Outreach Initiative Spotlights Sexuality

While sex remains taboo in many Christian circles, the Chaplain’s Office is developing a platform to host the conversation about holiness and culture.

By Emily Brabec | Freelance Contributor
February 16, 2021
Olivia Cerci, Wheaton's first Student Chaplain for Sexuality
Olivia Cerci is a junior communications major

Last semester, the Chaplain’s Office launched the Engaging Sexuality initiative to help Wheaton students think about sex and sexuality from a Christian perspective. Kelly Urbon, the ministry associate for care and counseling and co-leader of the initiative, said she’s noticed a drastic increase in how secular culture and social media promote sexually explicit content and that this has left Christians vulnerable. She said the Chaplain’s Office hopes to “get on the front end” of discussions about the challenges Christians face in a hyper-sexualized society.  

 

Urbon is co-leading Engaging Sexuality with Olivia Cerci, Wheaton’s first Student Chaplain for Sexuality. 

 

 

“I think it’s important to make sure students don’t leave [Wheaton] without having opportunities to have good direct conversation [about the integration of faith and sexuality],and be a part of the student dialogue [on these real-life issues],” said Cerci, who is a junior communications major. Engaging Sexuality aims to help students address pressing cultural issues such as pornography, sex, and body image by connecting them with support and resources, particularly through a new multimedia platform.

 

When Urbon and former Chaplain Blackmon were planning the 2020-21 chaplain appointments, Urbon recommended creating Cerci’s position to “put a student face on a very real part of the student experience.”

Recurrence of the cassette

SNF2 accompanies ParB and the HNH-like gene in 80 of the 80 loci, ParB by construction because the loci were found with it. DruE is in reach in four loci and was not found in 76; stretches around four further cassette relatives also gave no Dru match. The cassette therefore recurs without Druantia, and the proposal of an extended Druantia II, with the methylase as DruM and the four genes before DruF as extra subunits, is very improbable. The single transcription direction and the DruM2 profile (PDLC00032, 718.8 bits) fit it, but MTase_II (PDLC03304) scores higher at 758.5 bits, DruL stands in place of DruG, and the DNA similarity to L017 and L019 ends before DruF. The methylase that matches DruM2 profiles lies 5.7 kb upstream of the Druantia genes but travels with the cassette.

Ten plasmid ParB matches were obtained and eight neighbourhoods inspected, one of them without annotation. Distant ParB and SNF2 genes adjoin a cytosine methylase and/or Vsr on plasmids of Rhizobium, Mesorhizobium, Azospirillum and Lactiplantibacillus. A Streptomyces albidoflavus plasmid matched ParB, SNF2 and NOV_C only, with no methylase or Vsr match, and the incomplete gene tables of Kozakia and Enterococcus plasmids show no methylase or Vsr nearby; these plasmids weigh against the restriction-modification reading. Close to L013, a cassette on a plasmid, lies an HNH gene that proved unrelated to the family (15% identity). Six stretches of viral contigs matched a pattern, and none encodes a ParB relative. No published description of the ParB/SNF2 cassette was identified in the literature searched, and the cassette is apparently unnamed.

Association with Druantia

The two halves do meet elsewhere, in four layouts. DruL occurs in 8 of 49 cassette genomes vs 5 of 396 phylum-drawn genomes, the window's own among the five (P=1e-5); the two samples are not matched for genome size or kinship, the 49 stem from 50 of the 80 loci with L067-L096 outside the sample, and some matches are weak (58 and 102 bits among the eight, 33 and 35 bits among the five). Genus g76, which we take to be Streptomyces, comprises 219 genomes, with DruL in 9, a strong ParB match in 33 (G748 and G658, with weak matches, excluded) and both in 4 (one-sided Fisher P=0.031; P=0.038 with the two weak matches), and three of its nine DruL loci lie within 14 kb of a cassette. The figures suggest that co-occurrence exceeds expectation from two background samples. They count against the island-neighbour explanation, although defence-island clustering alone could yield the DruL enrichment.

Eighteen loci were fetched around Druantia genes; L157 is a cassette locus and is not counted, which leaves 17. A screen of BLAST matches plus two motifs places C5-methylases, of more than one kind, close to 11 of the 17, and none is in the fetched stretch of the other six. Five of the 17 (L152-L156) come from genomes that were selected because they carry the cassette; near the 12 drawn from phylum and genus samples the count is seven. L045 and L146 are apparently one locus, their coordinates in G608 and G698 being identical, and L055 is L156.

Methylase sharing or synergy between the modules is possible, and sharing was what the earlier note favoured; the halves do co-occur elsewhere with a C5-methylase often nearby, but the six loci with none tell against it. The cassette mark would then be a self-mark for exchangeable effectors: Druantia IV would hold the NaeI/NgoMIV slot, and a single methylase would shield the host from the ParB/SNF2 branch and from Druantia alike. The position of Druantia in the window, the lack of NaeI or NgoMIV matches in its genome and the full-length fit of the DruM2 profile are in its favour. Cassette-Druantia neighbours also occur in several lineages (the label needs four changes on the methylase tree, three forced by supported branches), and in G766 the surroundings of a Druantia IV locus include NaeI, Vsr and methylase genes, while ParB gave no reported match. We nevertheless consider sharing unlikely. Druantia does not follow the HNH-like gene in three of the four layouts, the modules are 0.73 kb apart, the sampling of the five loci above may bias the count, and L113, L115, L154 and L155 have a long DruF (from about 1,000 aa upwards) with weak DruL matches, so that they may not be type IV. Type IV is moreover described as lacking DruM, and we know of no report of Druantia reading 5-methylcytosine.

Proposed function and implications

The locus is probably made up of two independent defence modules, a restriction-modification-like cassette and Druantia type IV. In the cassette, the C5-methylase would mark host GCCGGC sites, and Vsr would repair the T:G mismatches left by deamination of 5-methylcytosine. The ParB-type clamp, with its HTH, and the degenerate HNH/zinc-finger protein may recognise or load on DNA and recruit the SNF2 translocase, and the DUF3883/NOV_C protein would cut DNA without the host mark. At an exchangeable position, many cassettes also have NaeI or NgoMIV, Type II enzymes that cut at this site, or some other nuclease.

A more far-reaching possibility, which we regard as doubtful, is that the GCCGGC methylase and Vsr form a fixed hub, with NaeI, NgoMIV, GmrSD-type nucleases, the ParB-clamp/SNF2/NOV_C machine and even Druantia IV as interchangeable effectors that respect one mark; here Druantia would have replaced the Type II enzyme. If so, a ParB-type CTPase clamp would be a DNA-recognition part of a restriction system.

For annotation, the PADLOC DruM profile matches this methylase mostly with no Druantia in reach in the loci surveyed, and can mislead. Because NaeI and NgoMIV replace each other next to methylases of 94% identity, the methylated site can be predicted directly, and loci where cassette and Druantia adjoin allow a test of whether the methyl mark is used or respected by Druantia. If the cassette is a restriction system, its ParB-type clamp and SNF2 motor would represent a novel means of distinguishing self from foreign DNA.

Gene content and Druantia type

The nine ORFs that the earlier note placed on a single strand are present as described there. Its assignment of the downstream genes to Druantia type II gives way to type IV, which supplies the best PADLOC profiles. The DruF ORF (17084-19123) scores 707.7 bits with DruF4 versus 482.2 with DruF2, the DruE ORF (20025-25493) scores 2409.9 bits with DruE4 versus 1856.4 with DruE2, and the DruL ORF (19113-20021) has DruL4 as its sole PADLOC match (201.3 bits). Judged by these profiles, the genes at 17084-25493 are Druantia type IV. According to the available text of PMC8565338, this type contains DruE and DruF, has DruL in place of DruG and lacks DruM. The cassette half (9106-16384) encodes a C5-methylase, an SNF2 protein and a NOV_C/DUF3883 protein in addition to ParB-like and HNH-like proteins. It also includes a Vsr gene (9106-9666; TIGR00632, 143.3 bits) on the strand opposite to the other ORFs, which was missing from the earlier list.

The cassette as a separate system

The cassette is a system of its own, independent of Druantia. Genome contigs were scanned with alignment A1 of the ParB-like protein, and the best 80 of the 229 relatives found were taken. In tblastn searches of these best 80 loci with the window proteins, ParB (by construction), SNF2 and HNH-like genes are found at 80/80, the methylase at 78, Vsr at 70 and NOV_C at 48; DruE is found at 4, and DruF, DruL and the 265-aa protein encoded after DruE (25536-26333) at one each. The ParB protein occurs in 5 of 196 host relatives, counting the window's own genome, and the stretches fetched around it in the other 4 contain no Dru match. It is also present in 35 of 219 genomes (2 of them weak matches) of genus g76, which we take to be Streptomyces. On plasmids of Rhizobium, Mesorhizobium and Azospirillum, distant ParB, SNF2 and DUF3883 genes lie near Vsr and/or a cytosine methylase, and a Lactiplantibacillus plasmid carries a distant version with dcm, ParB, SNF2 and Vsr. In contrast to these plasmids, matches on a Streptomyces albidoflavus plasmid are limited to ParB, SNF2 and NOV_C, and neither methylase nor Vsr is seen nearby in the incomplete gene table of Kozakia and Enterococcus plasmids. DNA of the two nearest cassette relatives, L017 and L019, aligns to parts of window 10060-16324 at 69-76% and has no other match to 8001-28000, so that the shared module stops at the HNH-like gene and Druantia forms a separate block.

Cerci gave a chapel talk in October and shared her personal struggle with pornography. She said the experience has motivated her to create deeper conversations around sexuality. Cerci will be responsible for connecting with a broad range of student groups on campus and communicating student needs to the Chaplain’s Office. Urbon described the work as affirming students’ struggles without shaming them.

 

Engaging Sexuality’s mission aligns with Wheaton’s Community Covenant, which calls students to defend chastity for those unmarried while upholding the sanctity of marriage between a man and woman. The Community Covenant further states that Scripture explicity condemns “sexual immorality, such as the use of pornography, pre-marital sex, adultery, homosexual behavior and all other sexual relations outside the bounds of marriage between a man and woman.”

 

Cerci and Urbon recently launched an Instagram page to share resources such as recommended reading, relevant quotations and links to podcasts and websites. Looking ahead, Urbon and Cerci also plan to partner with Student Chaplain of Prayer Jess Weary in hosting prayer nights and a possible on-campus retreat. 

 

In addition, they are in the process of putting together a podcast, also called Engaging Sexuality, that will feature Wheaton faculty, medical professionals, and other guests discussing sexual health, biblical guidance on sexual holiness, and the effects of pornography on the brain and relationships.